The United Nations, an attempt by leaders like President Franklin Delano Roosevelt to inject some realism into the failed League of Nations by creating five policemen has failed. It has failed to create stability and order except in those instances backed by the use or threat of American force. The current situation in the United States is one of war weariness and fear of over extension. The president will need to gain electoral support for America’s preeminence in world affairs. A new organization, one that has credibility with the American people, could go a long way to solving all of these issues. This new dynamic organization could go by many monikers; the one used here is the D.A.N. The Democratic Alliance of Nations would model itself on NATO, and if successful could replace NATO and cease the endless bickering about the future of that historically critical organization. The basic essence of NATO would remain; this would include a supreme commander that would be an American, a rotating political head, and Article 5 would serve as a similar trigger for action. However, there would be some drastic differences as well. Only nations that were willing to employ proportional military force (not token support) would be allowed membership. The Article 5 style trigger of “an attack on one is an attack on all” would be broadened. These triggers would have to include preemptive and preventative threats, as well as a mechanism to deal with genocide, massive human rights abuses, regional despotism, rogue states, and failed states. Further, there would have to be a clear mandate that military force would and could be used under these trigger conditions. This does not mean that military force would be the first or only option; but unlike the Security Council, it would be a viable coalition response. Critical to the composition of the Democratic Alliance of Nations would be that membership be reserved for only true democracies. This would be subject to scrutiny of the founding members and include such benchmarks as working democratic constitutions; the real rule of law; a vibrant civil society; the full protection of private property; and obedience to natural law. The foundation of the organization would have to start in the Anglo sphere (United States/United Kingdom/Canada/Australia/New Zealand) which would bring in elements of both NATO and ANZUS. Membership would hopefully be expanded to states such as (but not only) those in Western and Central Europe, Israel, South Korea, and Japan. Obviously, it goes without saying that some of these nations would need to make fundamental changes in their foreign policy legal mechanisms and even political culture.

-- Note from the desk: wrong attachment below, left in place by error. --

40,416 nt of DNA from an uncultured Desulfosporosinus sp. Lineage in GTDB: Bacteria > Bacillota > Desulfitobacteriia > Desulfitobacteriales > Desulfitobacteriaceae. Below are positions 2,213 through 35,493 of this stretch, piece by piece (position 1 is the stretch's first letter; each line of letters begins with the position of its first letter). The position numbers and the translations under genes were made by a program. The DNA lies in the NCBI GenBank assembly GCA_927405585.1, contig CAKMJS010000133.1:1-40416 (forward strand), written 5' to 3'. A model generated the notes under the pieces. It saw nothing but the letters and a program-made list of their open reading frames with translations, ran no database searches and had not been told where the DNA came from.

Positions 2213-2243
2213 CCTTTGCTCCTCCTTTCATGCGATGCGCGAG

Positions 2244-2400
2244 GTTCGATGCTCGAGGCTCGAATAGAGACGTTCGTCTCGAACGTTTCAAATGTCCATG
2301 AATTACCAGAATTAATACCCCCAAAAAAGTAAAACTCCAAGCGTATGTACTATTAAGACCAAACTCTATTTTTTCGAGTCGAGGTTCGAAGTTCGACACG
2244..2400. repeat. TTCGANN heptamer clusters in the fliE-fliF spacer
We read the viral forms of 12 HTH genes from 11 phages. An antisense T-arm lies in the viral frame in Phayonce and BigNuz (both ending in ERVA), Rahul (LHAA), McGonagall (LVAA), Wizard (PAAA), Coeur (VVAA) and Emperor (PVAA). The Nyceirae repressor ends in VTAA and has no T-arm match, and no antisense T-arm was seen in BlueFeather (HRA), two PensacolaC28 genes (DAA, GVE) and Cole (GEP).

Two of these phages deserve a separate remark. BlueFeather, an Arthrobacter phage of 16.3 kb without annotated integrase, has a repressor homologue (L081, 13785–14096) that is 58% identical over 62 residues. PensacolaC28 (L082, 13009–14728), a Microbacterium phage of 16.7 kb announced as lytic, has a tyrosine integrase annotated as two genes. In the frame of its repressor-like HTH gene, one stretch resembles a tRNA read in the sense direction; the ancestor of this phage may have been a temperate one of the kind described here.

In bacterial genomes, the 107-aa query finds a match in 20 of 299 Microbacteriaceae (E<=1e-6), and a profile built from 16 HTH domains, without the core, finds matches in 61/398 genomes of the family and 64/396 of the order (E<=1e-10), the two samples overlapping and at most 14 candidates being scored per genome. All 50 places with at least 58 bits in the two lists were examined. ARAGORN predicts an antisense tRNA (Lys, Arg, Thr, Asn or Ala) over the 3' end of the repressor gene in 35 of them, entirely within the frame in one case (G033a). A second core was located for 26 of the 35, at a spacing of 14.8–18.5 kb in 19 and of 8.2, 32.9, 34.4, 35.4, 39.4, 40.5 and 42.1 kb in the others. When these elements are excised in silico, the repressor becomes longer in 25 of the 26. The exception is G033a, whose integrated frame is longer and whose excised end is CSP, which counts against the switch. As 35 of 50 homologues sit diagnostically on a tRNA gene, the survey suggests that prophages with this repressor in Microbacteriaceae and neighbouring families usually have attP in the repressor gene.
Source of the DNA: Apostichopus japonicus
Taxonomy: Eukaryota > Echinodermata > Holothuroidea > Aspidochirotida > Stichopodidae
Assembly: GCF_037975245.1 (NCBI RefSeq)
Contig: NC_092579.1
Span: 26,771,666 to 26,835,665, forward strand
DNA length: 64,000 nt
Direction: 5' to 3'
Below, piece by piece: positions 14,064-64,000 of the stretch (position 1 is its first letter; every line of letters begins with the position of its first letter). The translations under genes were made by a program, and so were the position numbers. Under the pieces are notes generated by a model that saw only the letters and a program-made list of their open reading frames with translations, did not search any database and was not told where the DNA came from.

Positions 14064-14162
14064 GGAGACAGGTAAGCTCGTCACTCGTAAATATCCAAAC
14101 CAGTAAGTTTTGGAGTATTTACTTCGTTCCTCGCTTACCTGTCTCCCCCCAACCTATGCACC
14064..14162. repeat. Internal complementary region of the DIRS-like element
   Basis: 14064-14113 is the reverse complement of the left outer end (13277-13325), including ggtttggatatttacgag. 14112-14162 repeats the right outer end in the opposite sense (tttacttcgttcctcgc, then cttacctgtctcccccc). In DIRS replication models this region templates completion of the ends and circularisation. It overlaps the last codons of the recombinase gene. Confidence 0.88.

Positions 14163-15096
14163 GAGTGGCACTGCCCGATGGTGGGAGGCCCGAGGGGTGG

It would therefore be through the Democratic Alliance of Nations that the United States could lead the free world in a dynamic 21st century, as it had through the tribulations of the 20th. It would further the security of the United States and the American people, and would serve as a way to illustrate to the electorate that the United States is not forced to act alone nor bear the only burden. It would further enhance the political and economic connections of members for stronger ties and bonds.